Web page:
Welcome to Wild Card Wednesday. Today we have another installment of the Original vs. Remake series. The movie of the month is A Nightmare on Elm Street. I will do the original, and Tiffany A. White will do the remake this coming Friday.
A Nightmare on Elm Street came out in 1984 and was directed by Wes Craven. Craven is well known for his contributions to the horror genre. Some of his other films include Last House on the Left, The Hills Have Eyes, The Serpent and the Rainbow, The People Under the Stairs, Scream, and My Soul to Take.
A Nightmare on Elm Street used many of the set tropes of the horror slasher film. The hook–what made it different—is that it made the audience question their perception of reality.
Short summary of A Nightmare on Elm Street:
A group of teens’ dreams are haunted by the ghost of a child murderer who has the power to kill them while they sleep.
Watch the trailer:
Influence on the Horror Genre
I’m not going to talk much about the plot of A Nightmare on Elm Street. Those of you who are interested have probably seen it numerous times. Those of you who are not interested would not watch it no matter what I said.
Know this: A Nightmare on Elm Street raised the bar once again for horror movies. no longer could a film just be about a faceless madman chasing a group of hapless teenagers. It had to have a twist. And the twist of making an audience question their perception of reality was very original at the time.
Craven used a cast of mostly unknown actors and actresses.
Heather Langenkamp, whose previous acting experience was limited to auditioning as an extra for The Outsiders and not getting chosen, won the starring role as Nancy Thompson. She beat out actresses such as Courteney Cox, Tracey Gold, Jennifer Grey, and Demi Moore.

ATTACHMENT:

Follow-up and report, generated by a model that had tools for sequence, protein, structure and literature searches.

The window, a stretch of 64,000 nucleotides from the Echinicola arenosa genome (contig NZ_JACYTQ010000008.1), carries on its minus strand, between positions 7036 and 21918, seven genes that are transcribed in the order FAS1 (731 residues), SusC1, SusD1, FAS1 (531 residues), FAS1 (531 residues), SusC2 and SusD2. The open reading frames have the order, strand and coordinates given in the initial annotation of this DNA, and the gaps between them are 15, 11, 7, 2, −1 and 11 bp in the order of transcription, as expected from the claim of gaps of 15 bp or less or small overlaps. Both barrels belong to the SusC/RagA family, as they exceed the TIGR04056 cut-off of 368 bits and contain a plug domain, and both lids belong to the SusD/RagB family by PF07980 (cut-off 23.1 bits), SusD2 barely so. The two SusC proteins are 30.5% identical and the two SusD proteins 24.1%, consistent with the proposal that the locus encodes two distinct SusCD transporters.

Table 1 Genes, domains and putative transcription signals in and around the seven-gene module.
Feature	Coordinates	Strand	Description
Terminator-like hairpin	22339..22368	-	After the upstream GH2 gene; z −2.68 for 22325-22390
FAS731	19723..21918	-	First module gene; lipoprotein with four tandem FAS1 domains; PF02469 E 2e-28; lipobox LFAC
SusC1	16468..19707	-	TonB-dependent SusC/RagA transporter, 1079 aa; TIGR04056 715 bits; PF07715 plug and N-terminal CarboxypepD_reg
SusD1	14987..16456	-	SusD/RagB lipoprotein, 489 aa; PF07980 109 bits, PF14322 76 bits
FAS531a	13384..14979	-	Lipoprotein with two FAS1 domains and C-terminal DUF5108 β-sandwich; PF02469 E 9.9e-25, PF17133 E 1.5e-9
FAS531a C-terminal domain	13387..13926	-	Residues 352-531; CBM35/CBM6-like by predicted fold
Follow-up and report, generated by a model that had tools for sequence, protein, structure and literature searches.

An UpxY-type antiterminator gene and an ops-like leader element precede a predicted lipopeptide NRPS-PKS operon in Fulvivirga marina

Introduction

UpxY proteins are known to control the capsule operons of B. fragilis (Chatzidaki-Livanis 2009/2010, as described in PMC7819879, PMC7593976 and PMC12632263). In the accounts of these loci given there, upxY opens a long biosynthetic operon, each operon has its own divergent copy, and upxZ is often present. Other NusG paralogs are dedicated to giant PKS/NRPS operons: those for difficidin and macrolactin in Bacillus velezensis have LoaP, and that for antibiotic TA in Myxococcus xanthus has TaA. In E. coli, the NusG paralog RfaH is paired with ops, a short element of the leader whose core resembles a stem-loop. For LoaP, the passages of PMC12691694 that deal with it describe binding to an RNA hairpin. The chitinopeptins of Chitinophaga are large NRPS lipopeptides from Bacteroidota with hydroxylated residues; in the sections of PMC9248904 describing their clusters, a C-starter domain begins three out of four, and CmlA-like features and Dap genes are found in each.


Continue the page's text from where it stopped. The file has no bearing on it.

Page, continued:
A then-unknown Johnny Depp, who came to audition as an extra, won the role of Jesse. Other actors who auditioned for the role of Jesse included Charlie Sheen, John Cusack, Brad Pitt, Kiefer Sutherland, Nicholas Cage, and C. Thomas Howell.
Robert England, who had been acting since the mid 1970s, was cast as Freddy Krueger. This role catapulted Robert England to a sort of fame. He has the dubious distinction of being one of only two actors to play the same horror villain eight consecutive times. The villain, Freddy Krueger, was named for a bully who used to torment the young Wes Craven.
[The other actor to play a horror villain many consecutive times is Doug Bradley who played Pinhead on the Hellraiser franchise.]
In the early 1980s, there was an investigation into the unexplained deaths of eighteen Laotian Hmong refugees. The refugees had fled their homeland after it was overrun in 1975 by Pathet Lao.
These refugees all died in their sleep, apparently from cardiac arrhythmia. The deaths occurred within a period of 18 months. One theory on the cause of death was that the refugees died of fear caused from a nightmare.
On the audio commentary on the A Nightmare on Elm Street DVD, Wes Craven mentions that the 1976 song “Dream Weaver” by Gary Wright inspired the story concept for A Nightmare on Elm Street. The keyboard riff from “Dream Weaver” also inspired theme music for A Nightmare on Elm Street.
Wes Craven has also stated that A Nightmare on Elm Street was inspired by his studies of Eastern religion.
- 500 gallons of fake blood were used in the filming of A Nightmare on Elm Street.
- Wes Craven chose red and green for the colors of Freddy’s sweater after reading an article which stated that those particular shades of red and green were the two most clashing colors to the human retina.
- Freddy Krueger is a shape shifter, but his red and green sweater always gives him away. Cravens said he borrowed this concept from the Plasticman comic books.
- Freddy Krueger’s claws were inspired by the claws of animals (bear claws) because of humans’ instinctive fear of large predatory animals.
Don’t forget to check out Tiffany A. White’s blog on the remake this coming Friday.
Nightmare on Elm Street DVD commentary: http://youtu.be/2uKjYMgUHIQ